This week, we’re flashing back to some of our 2014 blog posts that you may have missed. We dig them and hope you do, too:
Think of the stories, videos or posts you’ve shared or commented on in the last 24 hours. You can even scroll back through your Facebook activity feed to see which ones caught your eye. (Find it by going to http://www.facebook.com/username/allactivity where “username” is your username.)
Now do a quick gut-check analysis of the topics, headlines or reasons you clicked, shared or commented. What do they all have in common?
Unless you’ve got the personality of plywood, the common thread was that each triggered an emotional response. Consider this from my weekend:
- I liked a photo of a co-worker dancing with his daughter at a Father-Daughter dance
- I uploaded a photo of a friend’s daughter’s dance team captured from ESPN’s broadcast
- I liked a photo of a bottle of bourbon reviewed by a fellow aficionado
- I commented on a story of Phillip Seymour Hoffman’s death
- I liked a status update of a high school friend congratulating another high school friend for his basketball team’s victory on Saturday
- I watched a video of bad translations for NFL sideline videos
- I liked a status update of a friend complaining of the high estrogen levels in his household (he has three daughters)
- I clicked on an Upworthy headline about an ad the NFL would never allow on the Super Bowl (Below … worth a watch.)
- I commented on a status update from my friend who is awaiting a liver transplant
- I liked a photo of two friends announcing with pink balloons they were pregnant with a girl
Holy Smokes! content elicits an emotional response so profound you have to do something besides consume it
All of those actions elected a response from me because they triggered an emotion. When my friends share their family news, I’m proud or happy for them. When someone reviews a bourbon, I’m interested and inquisitive. When someone jokes about having too many women around, I can relate (raised by a mother, grandmother and great-grandmother much of my childhood).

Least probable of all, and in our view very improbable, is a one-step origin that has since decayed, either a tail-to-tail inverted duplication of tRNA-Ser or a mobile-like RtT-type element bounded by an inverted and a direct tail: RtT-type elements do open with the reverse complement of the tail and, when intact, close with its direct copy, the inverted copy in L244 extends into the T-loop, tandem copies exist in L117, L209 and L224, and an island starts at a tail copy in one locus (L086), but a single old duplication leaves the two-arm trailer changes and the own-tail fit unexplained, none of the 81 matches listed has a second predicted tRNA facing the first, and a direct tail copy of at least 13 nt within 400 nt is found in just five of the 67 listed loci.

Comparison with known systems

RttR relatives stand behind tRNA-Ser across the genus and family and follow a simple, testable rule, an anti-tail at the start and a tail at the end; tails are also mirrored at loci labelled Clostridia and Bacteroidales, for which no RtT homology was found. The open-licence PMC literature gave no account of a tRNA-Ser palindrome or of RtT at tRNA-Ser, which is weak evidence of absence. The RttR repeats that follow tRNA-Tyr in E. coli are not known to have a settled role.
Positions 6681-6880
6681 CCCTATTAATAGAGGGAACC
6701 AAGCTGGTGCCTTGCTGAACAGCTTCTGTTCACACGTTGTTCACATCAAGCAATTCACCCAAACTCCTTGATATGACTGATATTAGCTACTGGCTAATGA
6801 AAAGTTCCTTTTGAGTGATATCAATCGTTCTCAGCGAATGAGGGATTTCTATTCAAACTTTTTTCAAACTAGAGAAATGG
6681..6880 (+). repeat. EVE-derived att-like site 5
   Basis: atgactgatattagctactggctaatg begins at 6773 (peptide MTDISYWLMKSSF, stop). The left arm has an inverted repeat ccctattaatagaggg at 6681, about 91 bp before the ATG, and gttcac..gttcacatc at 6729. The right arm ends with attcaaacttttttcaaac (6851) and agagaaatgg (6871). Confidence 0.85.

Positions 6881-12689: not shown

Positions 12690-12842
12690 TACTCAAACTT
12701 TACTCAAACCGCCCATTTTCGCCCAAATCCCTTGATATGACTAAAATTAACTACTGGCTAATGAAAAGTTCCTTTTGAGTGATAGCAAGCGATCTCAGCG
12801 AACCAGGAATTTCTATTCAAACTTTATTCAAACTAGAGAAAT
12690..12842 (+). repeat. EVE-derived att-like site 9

But that’s limited to Facebook where my intent and purpose is to engage with friends. On Twitter, my purpose for being is to find and share good content, mostly focused on the world of marketing and communications. So I do things like:
- Share links to blog posts about public relations
- Retweet links to blog posts about marketing
- Comment or respond to people debating issues around PR or marketing
- Tell jokes
While more closely defined around a profession, I’m still responding and reacting and sharing content that elicits and emotional response. It might be that emotion is just curiosity or intrigue. But it may also be that it is outrage or elation. Either way, the content is strong enough to push me to share it with others.
This is what Holy Smokes! Content is. It is content that elicits an emotional response in an audience so profound they have to do something else besides consume it.
- Holy Smokes! That’s interesting!
- Holy Smokes! That’s funny!
- Holy Smokes! That’s true!
- Holy Smokes! That’s sad!
- Holy Smokes! I have to share this with others!
If you are a marketer of any sort these days, producing that response from your content is your job.
Now get to work.